Wave Energy

Current Initiatives

UNH presently has two ongoing wave energy initiatives. In the first, UNH is cooperating with the Healy Wave Energy Converter (WEC) project in which the WEC will be tested under open ocean conditions a site located 1.4 nautical miles south-southwest of White Island, Isles of Shoals, NH. Resembling a cylindrical buoy, this 48 ton, point absorber type WEC has a diameter of 16.5 feet and is 70 feet top-to-bottom with most of its vertical length under water. It will be held in position by a 3-leg mooring. Since this is a research project, the energy will be dissipated by on-board resisters, and there will be no power transmission cables involved. Power converted and wave forcing will be recorded over a one-year test period. UNH is actively involved in re-establishing the necessary permits and computer modeling of the system in storm waves. In the second area of activity, UNH students are developing a WEC for directly pumping nutrient-rich water at depth to the surface to enhance the productivity of a kelp farm. It may also be used to bring cold bottom water up to cool floating finfish net pens during the summer. Supported in part by Sea Grant through the Ocean Projects course, the team plans to field test the system this spring. For more information on these projects, please contact Professor Rob Swift.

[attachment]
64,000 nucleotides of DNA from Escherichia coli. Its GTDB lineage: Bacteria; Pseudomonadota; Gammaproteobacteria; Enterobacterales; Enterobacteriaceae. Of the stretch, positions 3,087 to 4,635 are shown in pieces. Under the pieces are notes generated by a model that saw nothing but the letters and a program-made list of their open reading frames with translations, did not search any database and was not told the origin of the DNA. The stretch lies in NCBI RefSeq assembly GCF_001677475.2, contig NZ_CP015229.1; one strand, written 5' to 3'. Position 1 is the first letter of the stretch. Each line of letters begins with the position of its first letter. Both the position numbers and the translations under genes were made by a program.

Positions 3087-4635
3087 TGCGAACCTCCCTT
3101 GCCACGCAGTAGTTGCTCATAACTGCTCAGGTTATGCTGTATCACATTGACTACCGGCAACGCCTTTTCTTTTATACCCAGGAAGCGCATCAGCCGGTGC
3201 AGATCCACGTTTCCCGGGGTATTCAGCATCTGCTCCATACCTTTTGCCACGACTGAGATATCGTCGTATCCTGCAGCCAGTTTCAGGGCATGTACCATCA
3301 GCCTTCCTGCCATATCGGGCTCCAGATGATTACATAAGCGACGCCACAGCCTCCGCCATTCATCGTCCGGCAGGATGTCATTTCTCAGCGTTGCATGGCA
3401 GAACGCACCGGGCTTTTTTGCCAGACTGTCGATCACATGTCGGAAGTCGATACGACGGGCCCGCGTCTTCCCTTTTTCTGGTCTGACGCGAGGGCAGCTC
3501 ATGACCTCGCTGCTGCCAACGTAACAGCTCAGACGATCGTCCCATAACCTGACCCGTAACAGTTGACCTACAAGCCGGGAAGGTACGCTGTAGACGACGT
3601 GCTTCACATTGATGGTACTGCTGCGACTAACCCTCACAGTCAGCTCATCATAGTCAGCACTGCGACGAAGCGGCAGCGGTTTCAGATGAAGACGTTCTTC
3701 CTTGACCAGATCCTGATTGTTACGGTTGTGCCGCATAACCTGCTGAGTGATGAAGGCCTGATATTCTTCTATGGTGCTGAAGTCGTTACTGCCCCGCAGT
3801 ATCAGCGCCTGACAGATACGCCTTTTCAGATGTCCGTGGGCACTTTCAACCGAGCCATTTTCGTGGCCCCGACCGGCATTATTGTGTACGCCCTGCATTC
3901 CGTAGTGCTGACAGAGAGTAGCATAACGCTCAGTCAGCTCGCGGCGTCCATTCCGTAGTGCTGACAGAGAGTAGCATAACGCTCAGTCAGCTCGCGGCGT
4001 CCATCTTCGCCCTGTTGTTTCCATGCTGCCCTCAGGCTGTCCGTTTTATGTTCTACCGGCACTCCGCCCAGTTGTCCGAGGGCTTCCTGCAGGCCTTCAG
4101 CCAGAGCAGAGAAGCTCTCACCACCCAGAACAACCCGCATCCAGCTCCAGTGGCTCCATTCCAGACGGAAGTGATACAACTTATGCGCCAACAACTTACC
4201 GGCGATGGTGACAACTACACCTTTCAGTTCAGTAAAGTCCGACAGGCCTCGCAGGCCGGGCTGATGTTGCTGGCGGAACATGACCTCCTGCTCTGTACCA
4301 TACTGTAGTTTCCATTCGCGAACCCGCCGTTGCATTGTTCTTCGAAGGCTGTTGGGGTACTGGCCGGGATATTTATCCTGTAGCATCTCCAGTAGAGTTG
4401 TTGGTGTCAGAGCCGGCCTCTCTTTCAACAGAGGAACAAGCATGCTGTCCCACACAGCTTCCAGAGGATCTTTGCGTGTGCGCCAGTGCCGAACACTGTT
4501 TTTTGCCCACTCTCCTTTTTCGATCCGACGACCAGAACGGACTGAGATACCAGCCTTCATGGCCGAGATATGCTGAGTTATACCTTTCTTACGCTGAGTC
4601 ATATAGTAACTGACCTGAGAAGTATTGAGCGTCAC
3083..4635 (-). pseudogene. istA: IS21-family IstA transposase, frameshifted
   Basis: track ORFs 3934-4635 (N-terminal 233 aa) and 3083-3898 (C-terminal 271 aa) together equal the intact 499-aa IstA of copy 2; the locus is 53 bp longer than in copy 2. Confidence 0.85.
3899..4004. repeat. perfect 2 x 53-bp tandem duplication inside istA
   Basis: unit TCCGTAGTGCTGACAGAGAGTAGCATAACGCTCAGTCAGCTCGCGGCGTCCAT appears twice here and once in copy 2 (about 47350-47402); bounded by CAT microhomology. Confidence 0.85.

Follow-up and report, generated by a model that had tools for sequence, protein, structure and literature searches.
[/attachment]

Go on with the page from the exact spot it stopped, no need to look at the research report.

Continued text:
Past Projects

Wave Energy Convertor

In fall 2012, the Center for Ocean Engineering worked with Neptune Wave Power of Dallas, Texas to analyze their wave energy converter and perform a series of field tests. Their system was first analyzed with UNH software to optimize the mooring configuration and assist with the proper selection of gear. The buoy was then deployed 10 km southeast of Portsmouth, NH in 52 meters of water at the permitted UNH Offshore Wind/Wave Test Site. To monitor the forces acting on the buoy, an environmental monitoring buoy was deployed.  The system was recovered and information gained from the project is being used to calibrate/verify software predictions to better understand these types of devices.   Contact: Professor Kenneth Baldwin for more information

Wave Energy Offshore Test Site

 

Hydrokinetic Turbine Testing

The University of New Hampshire Center for Ocean Renewable Energy (UNH-CORE) tested an industry developed hydrokinetic turbine at Muskeget Channel in Massachusetts on the Center’s 35 foot Tidal Energy Test Platform. The test team included Dr. Martin Wosnik, Dr. Judson DeCew, Matthew Rowell, and Toby Dewhurst as well as others from FloDesign Inc. and the University of Massachuset; Dartmouth. Contact Professor Martin Wosnik for more information.

Hydrokinetic Turbine